Tags: Citic Pacific | China | Hong Kong | Steel maker

Citic Pacific to Pay $36 Billion for Parent's China Assets

Wednesday, 16 Apr 2014 07:42 AM

Citic Pacific Ltd. agreed to pay 226.9 billion yuan ($36 billion) in stock and cash to buy businesses from its state-owned parent in the biggest asset injection into a Hong Kong-listed unit from China.

The steelmaker and property developer will pay 49.9 billion yuan in cash and issue almost 16.6 billion shares at HK$13.48 each, according to a Hong Kong exchange filing. Citic Group Corp. will hold 75 percent of Citic Pacific following the transaction and a share sale by the Hong Kong company, it said.

The transaction comes as Chinese President Xi Jinping advocates the most sweeping changes since Deng Xiaoping’s liberalization in 1978, including loosening yuan trading and allowing more private investments in state businesses. The deal gives Citic Pacific a stake in China’s largest brokerage, as well as banking, energy and infrastructure assets.

“The mainland government wants to list most of the state- owned enterprises’ assets into public companies in order to improve corporate governance and operating efficiency,” Kenny Tang, general manager of Hong Kong-based AMTD Financial Planning Ltd., said by phone. “It’s quite a good effort to improve efficiency.”

Citic Pacific said on March 26 that it plans to acquire its parent’s main operating unit, Citic Ltd., for an undisclosed amount. Citic Ltd. has shareholder equity of 225 billion yuan and holdings in companies including Citic Securities Co. and China Citic Bank Corp.

Shares of Citic Pacific, which will be renamed Citic Ltd., have climbed 13 percent since March 24, when trading in the stock was suspended for an announcement about the transaction. The rally gave it a market capitalization of HK$52 billion ($6.7 billion) by the end of trading today. The deal will be completed by Aug. 29, the company said.

Better Governance

Citic Group, China’s first state-owned investment corporation, was set up in 1979 as part of Deng’s push to modernize and open up the state-controlled economy.

Moving the assets to Hong Kong may help improve corporate governance for the Beijing-based group, Kenneth Ho, a Hong Kong- based analyst at Goldman Sachs Group Inc., wrote in a March 31 note.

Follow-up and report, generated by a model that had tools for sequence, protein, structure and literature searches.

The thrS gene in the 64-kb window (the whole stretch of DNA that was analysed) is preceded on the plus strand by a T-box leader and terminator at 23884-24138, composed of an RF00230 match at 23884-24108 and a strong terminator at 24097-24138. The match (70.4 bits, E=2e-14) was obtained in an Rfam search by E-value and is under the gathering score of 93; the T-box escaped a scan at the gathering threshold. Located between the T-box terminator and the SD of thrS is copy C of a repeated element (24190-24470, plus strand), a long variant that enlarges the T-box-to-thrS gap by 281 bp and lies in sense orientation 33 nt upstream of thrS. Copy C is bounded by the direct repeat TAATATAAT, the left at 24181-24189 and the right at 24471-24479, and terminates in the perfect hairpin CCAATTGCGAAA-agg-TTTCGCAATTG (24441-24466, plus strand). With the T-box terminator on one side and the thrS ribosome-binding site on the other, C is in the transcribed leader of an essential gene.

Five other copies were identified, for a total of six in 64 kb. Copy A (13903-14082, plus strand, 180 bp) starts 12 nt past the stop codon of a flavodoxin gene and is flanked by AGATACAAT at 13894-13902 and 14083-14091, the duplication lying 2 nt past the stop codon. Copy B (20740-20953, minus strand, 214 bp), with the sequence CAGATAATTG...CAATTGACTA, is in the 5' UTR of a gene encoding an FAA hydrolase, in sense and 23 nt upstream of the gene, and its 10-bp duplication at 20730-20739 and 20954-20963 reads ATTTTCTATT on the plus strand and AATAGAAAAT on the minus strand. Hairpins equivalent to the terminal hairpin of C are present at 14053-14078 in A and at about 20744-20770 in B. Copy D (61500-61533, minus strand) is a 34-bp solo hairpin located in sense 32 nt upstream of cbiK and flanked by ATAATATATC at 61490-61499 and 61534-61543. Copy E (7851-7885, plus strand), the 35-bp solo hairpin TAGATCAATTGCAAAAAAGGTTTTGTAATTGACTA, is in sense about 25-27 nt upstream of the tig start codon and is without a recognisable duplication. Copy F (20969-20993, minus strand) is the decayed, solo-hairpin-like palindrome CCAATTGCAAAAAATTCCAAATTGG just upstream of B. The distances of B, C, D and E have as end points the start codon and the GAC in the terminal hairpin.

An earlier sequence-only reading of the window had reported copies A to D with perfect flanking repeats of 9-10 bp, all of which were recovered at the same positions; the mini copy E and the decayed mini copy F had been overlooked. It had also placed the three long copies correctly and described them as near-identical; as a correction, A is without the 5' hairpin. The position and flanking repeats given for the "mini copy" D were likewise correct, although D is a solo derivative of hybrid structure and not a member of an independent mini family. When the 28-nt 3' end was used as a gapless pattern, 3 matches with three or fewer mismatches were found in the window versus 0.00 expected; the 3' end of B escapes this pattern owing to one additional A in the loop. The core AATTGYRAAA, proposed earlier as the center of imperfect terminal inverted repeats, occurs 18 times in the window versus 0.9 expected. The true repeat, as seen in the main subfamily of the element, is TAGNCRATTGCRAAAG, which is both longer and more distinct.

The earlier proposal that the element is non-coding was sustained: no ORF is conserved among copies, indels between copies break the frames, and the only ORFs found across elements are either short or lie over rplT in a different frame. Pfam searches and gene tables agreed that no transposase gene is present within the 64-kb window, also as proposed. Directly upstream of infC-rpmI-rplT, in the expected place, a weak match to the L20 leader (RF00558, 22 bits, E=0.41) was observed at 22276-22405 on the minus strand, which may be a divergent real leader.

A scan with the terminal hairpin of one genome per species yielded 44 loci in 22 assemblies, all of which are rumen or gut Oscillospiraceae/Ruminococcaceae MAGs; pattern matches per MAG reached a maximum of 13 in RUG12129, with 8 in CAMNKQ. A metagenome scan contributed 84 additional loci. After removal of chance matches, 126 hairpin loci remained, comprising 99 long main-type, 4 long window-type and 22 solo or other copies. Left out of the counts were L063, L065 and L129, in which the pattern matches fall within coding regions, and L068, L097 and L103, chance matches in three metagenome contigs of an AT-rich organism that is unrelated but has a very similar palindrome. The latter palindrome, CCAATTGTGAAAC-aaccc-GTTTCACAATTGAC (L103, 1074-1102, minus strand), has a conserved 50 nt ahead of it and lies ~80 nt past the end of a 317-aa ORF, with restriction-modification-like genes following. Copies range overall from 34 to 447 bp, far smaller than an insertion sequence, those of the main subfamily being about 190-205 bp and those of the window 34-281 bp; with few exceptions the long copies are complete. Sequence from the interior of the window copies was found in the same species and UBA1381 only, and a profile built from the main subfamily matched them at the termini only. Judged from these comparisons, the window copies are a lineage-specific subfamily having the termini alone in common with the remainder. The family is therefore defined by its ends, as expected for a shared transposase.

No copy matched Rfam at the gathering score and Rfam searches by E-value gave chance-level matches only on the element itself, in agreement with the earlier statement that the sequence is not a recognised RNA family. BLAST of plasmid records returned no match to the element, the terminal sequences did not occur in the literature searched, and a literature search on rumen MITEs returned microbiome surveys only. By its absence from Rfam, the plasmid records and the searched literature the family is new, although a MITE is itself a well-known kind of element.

Citic Group is not alone among Chinese state-owned enterprises in preparing to sell assets to private investors. China Petroleum & Chemical Corp., the refiner known as Sinopec, said in February that it plans to sell as much as 30 percent of its oil retail unit. PetroChina Co. may allow private investment in areas including pipelines and gas exploration, Chairman Zhou Jiping has said.

Asset Injection

At $36 billion, the Citic deal would top China Mobile Ltd.’s $32 billion purchase of seven wireless networks from its parent to be the largest such asset injection into a Hong Kong unit by a Chinese company, data compiled by Bloomberg show.

The Citic transaction serves as a boon to Hong Kong after China’s largest e-commerce company, Alibaba Group Holding Ltd., abandoned plans to list in the city and said it will conduct its initial public offering in the U.S.

Citic Pacific owns the Sino Iron project in Western Australia, a $9.9 billion-magnetite iron ore mine that made its first shipment in December after delays and cost overruns. Citic Pacific said last month it faces pressure to write down the value of the project, which is the single largest foreign mining investment by a Chinese company.

Its 2013 profit climbed 9 percent to HK$7.6 billion, even as losses at the iron-ore unit doubled.

Share Sale

The asset purchase will reduce a public float that currently stands at 42 percent, according to data compiled by Bloomberg. Hong Kong’s stock exchange requires companies to have at least 25 percent of their outstanding shares freely traded, though the limit can be reduced to 15 percent for firms with market capitalization of more than HK$10 billion.

The company will sell 4.68 billion shares to raise funds for the transaction and to restore its public float, according to the filing.

About 50 billion yuan will be raised from selling new shares to institutional investors, the companies said in a statement.

More shareholders and an improved credit profile following the transaction may give Citic Pacific more flexibility in raising funds, Janet Lu, a Hong Kong-based analyst at Goldman Sachs, said in a March 27 note.

“It is positive for the listed company because the new assets injected into the company can generate more than HK$30 billion to HK$40 billion a year,” AMTD’s Tang said. “It mitigates cashflow problems at the listed company.”

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Citic Pacific Ltd. agreed to pay 226.9 billion yuan ($36 billion) in stock and cash to buy businesses from its state-owned parent in the biggest asset injection into a Hong Kong-listed unit from China.
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Wednesday, 16 Apr 2014 07:42 AM
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